Fighting economic inequality is insufficient — any challenge to capital has to be coupled with race-specific demands for reform. Jobs programs would have to include affirmative-action policies and a prohibition on discrimination on the basis of a criminal record; fights to expand funding for public hospitals, schools, and services would have to recognize the specific needs of black communities hollowed out by decades of deindustrialization and neglect; and housing policies would need to explicitly target practices such as redlining and predatory lending.

The crisis faced by black America is also not solely economic — it is also a social crisis. Mass incarceration, police violence, and resegregation have devastated black communities…

This fight will require forging a unity not by collapsing the fight against racism into a broader class fight for economic equality, but by highlighting the central role of racism and making it a concern of the entire working class.

Black Lives Matter protesters wanted Sanders’ campaign to stop treating racial justice as an inevitable byproduct of economic justice.  They wanted Sanders to instead promote a specific racial justice platform complementary to his economic justice agenda, and they had every right to demand that he do so.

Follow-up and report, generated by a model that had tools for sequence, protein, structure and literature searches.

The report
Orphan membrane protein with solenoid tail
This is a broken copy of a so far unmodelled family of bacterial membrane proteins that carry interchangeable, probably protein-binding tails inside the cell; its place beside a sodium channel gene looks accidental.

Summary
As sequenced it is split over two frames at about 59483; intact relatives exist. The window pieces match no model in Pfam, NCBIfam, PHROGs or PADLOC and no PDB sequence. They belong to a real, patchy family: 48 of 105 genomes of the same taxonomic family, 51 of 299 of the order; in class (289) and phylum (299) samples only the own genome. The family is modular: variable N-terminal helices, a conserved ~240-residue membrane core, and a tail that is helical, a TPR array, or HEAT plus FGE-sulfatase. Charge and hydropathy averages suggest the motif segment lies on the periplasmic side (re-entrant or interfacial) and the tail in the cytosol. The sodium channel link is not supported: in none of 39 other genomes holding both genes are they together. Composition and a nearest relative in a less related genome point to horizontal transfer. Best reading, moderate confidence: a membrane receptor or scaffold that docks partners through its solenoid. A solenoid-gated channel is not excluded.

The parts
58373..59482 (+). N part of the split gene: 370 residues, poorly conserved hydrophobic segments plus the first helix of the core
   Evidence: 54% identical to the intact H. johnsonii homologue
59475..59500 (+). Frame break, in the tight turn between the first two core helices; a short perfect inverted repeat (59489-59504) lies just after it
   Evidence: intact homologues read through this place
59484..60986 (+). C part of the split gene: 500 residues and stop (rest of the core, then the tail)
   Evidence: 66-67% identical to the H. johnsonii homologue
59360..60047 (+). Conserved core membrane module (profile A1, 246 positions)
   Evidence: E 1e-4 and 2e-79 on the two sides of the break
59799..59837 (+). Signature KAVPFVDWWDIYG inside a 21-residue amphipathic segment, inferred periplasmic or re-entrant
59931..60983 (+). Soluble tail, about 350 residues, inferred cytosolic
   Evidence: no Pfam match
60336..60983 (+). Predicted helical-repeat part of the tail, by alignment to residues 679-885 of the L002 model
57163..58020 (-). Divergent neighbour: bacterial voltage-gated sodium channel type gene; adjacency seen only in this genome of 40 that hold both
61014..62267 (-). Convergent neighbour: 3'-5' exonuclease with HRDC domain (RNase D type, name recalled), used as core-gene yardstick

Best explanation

While I also hope to see Black Lives Matter turn the pressure up on Clinton and the Republican candidates in the weeks and months to come, criticisms of their tactics thus far – targeting Sanders and “taking over” some of his speaking events – are in my view off base.  Black Lives Matter is the type of grassroots people’s movement that Sanders prides himself on representing; he was a good first target precisely because he’s a natural ally and the candidate most likely to respond to such a protest with a policy agenda addressing its legitimate concerns.  Writing about the first protest at Netroots Nation, Joe Dinkin captured it best: